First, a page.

Plaintiffs also contend that DD voluntarily assumed a duty to provide and maintain security and that the company was negligent in its execution of this duty. To establish a cause of action for violation of an assumed duty, the plaintiff must show (1) that the plaintiff reasonably relied on the defendant's assumption of a duty and (2) that the defendant's conduct "placed [the] plaintiff in a more vulnerable position than [the] plaintiff would have been in had [the] defendant done nothing." Heard v. City of New York, 82 N.Y.2d 66, 72, 623 N.E.2d 541, 544, 603 N.Y.S.2d 414, 417 (1993) (citing Nallan v. Helmsley-Spear, Inc., 50 N.Y.2d 507, 522, 429 N.Y.S.2d 606, 407 N.E.2d 451 (1980)); see also Tavarez v. Lelakis, 143 F.3d 744 (2d Cir.1998) (discussing standard under New York law).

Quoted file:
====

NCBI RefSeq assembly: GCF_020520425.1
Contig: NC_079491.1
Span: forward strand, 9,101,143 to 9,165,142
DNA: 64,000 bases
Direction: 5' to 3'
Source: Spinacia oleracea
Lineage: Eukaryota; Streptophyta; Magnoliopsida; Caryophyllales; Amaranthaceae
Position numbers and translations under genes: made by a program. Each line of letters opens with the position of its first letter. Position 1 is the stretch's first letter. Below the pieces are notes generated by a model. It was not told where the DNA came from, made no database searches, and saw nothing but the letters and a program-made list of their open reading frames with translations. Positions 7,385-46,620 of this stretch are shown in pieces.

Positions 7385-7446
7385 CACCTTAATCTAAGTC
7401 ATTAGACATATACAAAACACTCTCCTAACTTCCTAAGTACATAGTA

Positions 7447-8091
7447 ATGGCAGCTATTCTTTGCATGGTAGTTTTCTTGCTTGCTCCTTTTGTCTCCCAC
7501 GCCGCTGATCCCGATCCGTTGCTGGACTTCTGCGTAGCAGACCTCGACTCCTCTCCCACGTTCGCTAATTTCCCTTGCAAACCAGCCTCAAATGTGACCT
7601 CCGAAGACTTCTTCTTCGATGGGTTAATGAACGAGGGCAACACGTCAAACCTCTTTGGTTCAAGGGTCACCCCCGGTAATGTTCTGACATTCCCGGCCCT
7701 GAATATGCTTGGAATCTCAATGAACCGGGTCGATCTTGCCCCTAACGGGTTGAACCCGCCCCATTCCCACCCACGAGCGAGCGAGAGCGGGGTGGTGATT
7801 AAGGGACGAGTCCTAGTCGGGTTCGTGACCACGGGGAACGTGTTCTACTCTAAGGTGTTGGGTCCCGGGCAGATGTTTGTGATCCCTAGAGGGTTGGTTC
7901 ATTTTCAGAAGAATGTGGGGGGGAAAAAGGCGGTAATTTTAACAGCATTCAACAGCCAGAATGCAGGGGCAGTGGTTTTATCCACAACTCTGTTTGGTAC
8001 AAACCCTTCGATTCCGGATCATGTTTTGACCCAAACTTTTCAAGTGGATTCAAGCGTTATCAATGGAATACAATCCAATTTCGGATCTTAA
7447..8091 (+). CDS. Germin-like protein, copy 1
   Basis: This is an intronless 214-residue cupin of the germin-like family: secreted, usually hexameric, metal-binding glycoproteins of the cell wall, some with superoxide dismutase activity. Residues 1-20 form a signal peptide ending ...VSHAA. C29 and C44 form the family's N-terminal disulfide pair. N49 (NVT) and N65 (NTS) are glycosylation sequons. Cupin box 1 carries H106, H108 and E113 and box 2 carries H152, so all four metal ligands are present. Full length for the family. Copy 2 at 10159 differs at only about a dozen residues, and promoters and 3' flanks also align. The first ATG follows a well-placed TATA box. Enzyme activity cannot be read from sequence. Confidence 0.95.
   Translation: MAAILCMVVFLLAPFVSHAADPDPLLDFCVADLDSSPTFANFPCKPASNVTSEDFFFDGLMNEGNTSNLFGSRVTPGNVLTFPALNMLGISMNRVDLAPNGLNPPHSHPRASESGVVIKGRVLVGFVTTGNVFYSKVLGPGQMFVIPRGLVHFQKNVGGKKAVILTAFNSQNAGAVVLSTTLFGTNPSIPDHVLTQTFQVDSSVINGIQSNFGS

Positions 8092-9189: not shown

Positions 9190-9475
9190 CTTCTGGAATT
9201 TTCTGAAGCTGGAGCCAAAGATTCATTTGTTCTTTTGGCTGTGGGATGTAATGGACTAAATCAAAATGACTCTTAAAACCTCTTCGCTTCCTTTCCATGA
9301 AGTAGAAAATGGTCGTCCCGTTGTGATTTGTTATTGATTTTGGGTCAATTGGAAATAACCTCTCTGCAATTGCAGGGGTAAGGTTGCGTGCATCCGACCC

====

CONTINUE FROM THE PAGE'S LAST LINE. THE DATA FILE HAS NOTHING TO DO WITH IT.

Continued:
Plaintiffs claim that DD voluntarily instituted a company-wide program designed to increase security at its franchisees and then negligently failed to follow through on this commitment. Plaintiffs have, however, failed to make either of the two showings that might give rise to an enforceable duty. That is, they have failed to submit competent proof demonstrating that Ms. Wu relied on DD's security program or that DD's actions increased the risk of harm to Ms. Wu.